I’ll love you just as you are and still wish for more

To my littlest cub,

In two days, you turn thirteen.

Thirteen.  I can’t seem to wrap my brain around this number.  I’d even say with conviction, that I’ve been in absolute denial about it.

There are so many things I want and wish for you and as you age, they seem further and further from our reach.

The thirteenth birthday party is supposed to be about becoming a teenager and all that comes with that.  On the horizon for most thirteen year olds are trips to the movies with friends, first crushes/dates/kisses, school dances, picking out classes, joining middle school sports teams, and the beginning of pushing away from your parents while you find your own voice, independence, and purpose in the world.

When your brother turned thirteen, he was so excited to get his own Facebook account and to have a big trip to an indoor trampoline park with his best friends.  As I struggled to plan your thirteenth birthday party, I kept comparing it to his, even though I know I shouldn’t.  We pulled out all the stops to make the “officially becoming a teenager” birthday a big deal for your big brother and I wanted the same for you.

But you and I both know what you want.  You want a small affair with just family.  And you still want train sets and Playmobil or Fisher Price zoo sets.  And I am okay with that.  I’m pretty sure after your party tomorrow when we give you your gifts, you will officially own every single Playmobil set ever made that features animals.  Because that is what makes you happy and there is nothing more that I want, than for you to be happy.

Thirteen.  Teenage-hood seems to make parents’ brains start swimming about adulthood.  Or maybe that’s just me.  But when your older brother turned thirteen, I began thinking about high school and getting nervous thinking about him getting his driver’s license.   I started thinking about the  short amount of time together before he jetted off to college. I often imagine what he’ll decide upon for a major and if he’ll find a meaningful career.  I imagine who he’ll fall in love with.  I wonder if he’ll move far away or settle down nearby and I wonder if someday, hopefully a long long time from now, he’ll decide to be a Dad.

This past week, your stepdad and I started putting together plans for our new attached garage.  And with that, we began designing your apartment that is going to be on the second floor of that garage.   We hope you’ll live in it after you graduate high school, seven years from now (as you probably know, you’ll most likely stay in high school until you are twenty).  We want you to have choices too and we want you to have as much independence as possible.  But even the attached in-law apartment brought up fears of if you would be ready for that or not.  We sat there deciding how to make the entrance to the apartment safe and only viable through our home, door alarms we’ll need, modifications in the kitchen, and baby monitors we’ll need to purchase.   And I was in tears, thinking that it was the week before your thirteenth birthday and this was what we were doing.  For you, teenage-hood means we have to plan around things such as special needs trusts, gathering information about adult services, and legal guardianship.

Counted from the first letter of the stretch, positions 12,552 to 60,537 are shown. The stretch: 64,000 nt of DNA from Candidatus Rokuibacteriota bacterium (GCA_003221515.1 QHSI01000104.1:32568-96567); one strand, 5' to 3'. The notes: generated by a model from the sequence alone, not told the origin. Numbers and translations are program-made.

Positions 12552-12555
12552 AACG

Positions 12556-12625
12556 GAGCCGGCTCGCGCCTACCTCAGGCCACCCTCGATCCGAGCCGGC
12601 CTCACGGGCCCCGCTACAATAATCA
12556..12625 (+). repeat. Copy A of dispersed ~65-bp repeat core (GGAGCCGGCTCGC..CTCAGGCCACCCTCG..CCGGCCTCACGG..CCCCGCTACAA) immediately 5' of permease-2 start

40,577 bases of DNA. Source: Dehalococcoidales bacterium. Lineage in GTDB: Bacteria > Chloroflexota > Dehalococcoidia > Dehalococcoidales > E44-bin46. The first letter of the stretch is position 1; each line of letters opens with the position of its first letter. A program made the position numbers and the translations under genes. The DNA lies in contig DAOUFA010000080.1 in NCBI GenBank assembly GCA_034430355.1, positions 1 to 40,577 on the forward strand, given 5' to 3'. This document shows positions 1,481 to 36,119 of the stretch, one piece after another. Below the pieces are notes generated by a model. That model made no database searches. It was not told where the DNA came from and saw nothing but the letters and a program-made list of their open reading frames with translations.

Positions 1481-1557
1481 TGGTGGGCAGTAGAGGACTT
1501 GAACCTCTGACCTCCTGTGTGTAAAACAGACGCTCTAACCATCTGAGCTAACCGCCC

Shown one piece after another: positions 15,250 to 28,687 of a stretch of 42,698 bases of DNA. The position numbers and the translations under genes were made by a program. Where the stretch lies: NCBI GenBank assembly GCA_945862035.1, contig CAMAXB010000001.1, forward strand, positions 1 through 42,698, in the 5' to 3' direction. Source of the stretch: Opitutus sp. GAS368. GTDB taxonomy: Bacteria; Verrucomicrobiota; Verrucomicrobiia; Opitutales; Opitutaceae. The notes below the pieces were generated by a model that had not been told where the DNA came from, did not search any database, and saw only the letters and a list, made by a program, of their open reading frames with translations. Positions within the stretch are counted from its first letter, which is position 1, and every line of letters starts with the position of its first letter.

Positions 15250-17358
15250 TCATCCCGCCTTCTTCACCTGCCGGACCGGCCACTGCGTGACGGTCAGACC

I want you to have dreams.  I want you to be able to venture off on your own someday. I want you to find a meaningful career.  I want you to find love, fall out of love, and find love again.  I want you to know the joy of becoming a parent.  But a lot of those things, most likely aren’t going to be attainable for you.  I refuse to say impossible, because I never want to put limits on you.  But we both know that there is a lot of work and progress that needs to happen in the future to meet some of those goals others take for granted as simply a part of growing up.

I hate that when I’m writing these words, I’m already thinking about the people who will undoubtedly read these words and think I’m terrible for being such a pessimist.  Terrible for comparing my children.  Terrible for not feeling blessed with the cards life dealt me.  Judging me and saying I’m less of a Mom because I wish life was different for you.  Those people just don’t understand.

I know you know how much I love you.  How much I cherish you.  How much pure joy you bring to my life every single day, even those days filled with meltdowns.  I know you know how much I will fight for you and knock down walls for you to succeed.  I know you’ve seen the fire in my eyes when someone tries to tell me you can’t or they won’t make a place for you in their programs.  I know you know I will be your biggest cheerleader and your fearless advocate every single day of my life.  I know you know how I truly and utterly love every single part of you with every single ounce of my being.  I will continue to love you with that intensity regardless if you stay the same, progress, or regress.  I am your Mama Bear.

Happy thirteenth birthday sweet boy.  I will continue to love you just as you are and still wish for a life devoid of all the obstacles you have been dealt.  I will continue to love you just as you are and still wish for an easier path for you.  I will continue to love you just as you are and still wish for MORE for you.  It’s not one or the other.  It’s because I love you with such ferocity, that I am able to do so.

Love always, Mama Bear.



Heather Nelson

About Heather Nelson

Heather resides in Rockland where she is busy juggling life as a newlywed, a mom to two boys (one of which who has autism), a part time job in direct sales, and a full-time job as a pediatric occupational therapy assistant. She has a love for live music, karaoke, and cheering on the underdogs.